by Josephine Lawrence
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By Josephine Lawrence

Illustrated by Thelma Gooch





































The Willis house was very quiet. The comfortable screened porch was deserted, though a sweater in the hammock and a box of gay paper dolls on the floor showed that it had served as a play-space recently. Inside, not a door banged, not a footfall sounded.

The late afternoon June sunshine streamed in through the hall window and made a broad band to the stairway which was in the shadow. The light touched the heads of three girls huddled closely together in the cushioned window-seat and turned the hair of one to gleaming, burnished golden red, another to a fairy web of spun yellow silk and searched out the faint copper tint in the dark locks of the third. The girls sat motionless, their faces turned toward the stairs, as silent as everything else in that silent house.

"Rosemary!" whispered the dark-haired one suddenly, "Rosemary, you don't think—"

The girl with the gold-red hair, who sat between the other two, started nervously. Her violet blue eyes transferred their anxious gaze from the shadowy staircase to her sister's face.

"Oh, no!" she said passionately. "No! Do you hear me, Sarah? That couldn't happen to us. Why do you say such things?"

"I didn't say anything," protested Sarah sullenly. "Did I, Shirley?"

The little girl with the fairy-web of yellow hair did not answer. She started from her seat and ran toward the stairs.

"Hugh's coming!" she cried.

Quick, even steps sounded on the hardwood treads and a young man with dark hair, darker eyes behind eye-glasses and a keen, intelligent face, descended rapidly. He picked up the child and strode across the hall to the window-seat.

"Poor children!" he said compassionately, sitting down beside Rosemary and holding the younger girl in his lap. "Has the time seemed long? I came as quickly as I could."

Rosemary looked at him piteously.

"All right, dear," he said instantly. "Mother is going to get well. Dr. Hurlbut and I have decided that all she needs is a long rest. I am going to take her to a quiet place in the country day after to-morrow and she is to stay until she is entirely recovered. Why Rosemary!"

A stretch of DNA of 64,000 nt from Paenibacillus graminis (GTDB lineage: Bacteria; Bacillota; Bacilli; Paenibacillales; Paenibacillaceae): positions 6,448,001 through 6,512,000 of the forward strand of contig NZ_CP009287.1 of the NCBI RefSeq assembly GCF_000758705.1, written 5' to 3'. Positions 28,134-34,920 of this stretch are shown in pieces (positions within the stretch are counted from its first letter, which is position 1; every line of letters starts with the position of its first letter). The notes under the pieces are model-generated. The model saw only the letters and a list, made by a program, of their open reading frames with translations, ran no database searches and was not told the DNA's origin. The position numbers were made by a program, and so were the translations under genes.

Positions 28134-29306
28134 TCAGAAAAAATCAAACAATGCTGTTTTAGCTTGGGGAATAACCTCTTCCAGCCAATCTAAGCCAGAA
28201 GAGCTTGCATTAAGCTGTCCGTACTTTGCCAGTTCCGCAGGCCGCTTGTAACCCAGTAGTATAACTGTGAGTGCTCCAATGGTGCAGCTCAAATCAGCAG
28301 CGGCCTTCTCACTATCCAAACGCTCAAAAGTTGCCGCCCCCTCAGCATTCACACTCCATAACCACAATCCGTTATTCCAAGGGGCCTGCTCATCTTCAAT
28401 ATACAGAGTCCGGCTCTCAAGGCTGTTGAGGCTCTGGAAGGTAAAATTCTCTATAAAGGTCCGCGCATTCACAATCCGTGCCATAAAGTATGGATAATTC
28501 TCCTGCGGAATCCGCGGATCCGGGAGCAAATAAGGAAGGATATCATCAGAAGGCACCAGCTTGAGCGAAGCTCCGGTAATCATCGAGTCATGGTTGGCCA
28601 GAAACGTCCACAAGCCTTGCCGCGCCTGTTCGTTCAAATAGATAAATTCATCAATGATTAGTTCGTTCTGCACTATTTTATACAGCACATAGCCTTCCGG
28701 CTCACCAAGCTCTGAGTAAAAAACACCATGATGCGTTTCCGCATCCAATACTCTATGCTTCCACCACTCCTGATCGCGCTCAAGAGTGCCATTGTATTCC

The gold-red head was on his shoulder and Rosemary was crying as though her heart would break.

"That's the way she is," said the dark and placid Sarah. "She jumps on me if I say anything and then she cries herself sick thinking things. I would rather," she declared with peculiar distinctness, "have folks talk than think, wouldn't you, Hugh?"

"I'm sorry to say I can't agree with you," replied the young man briefly. "Here, Shirley, I didn't know you were such a heavy-weight—you run off with Sarah and tell Winnie what I have told you about Mother. Quietly now, and no shouting. Rosemary, dear," he put a protecting arm around the weeping girl, "you will feel better now—we have all been under a strain and the worst is over. Here comes Miss Graham with Dr. Hurlbut and I must see him off. Don't run—he'll probably go right out without seeing you."

But the famous specialist stopped squarely in the hall and the pleasant-faced middle-aged nurse, standing respectfully on the lower step, nodded reassuringly to Rosemary who was frantically mopping her eyes.

"Well, Dr. Willis," said the great man heartily, "I am mighty glad to have been of some little service. I'm sure you will find Pine Crest sanatorium all that it is said to be and the right place for your mother. She mustn't be allowed, of course, to worry about home affairs. There are younger children, I believe?"

"Three girls," said Hugh Willis. "Rosemary—" he summoned her with a glance,—"my sister, Dr. Hurlbut."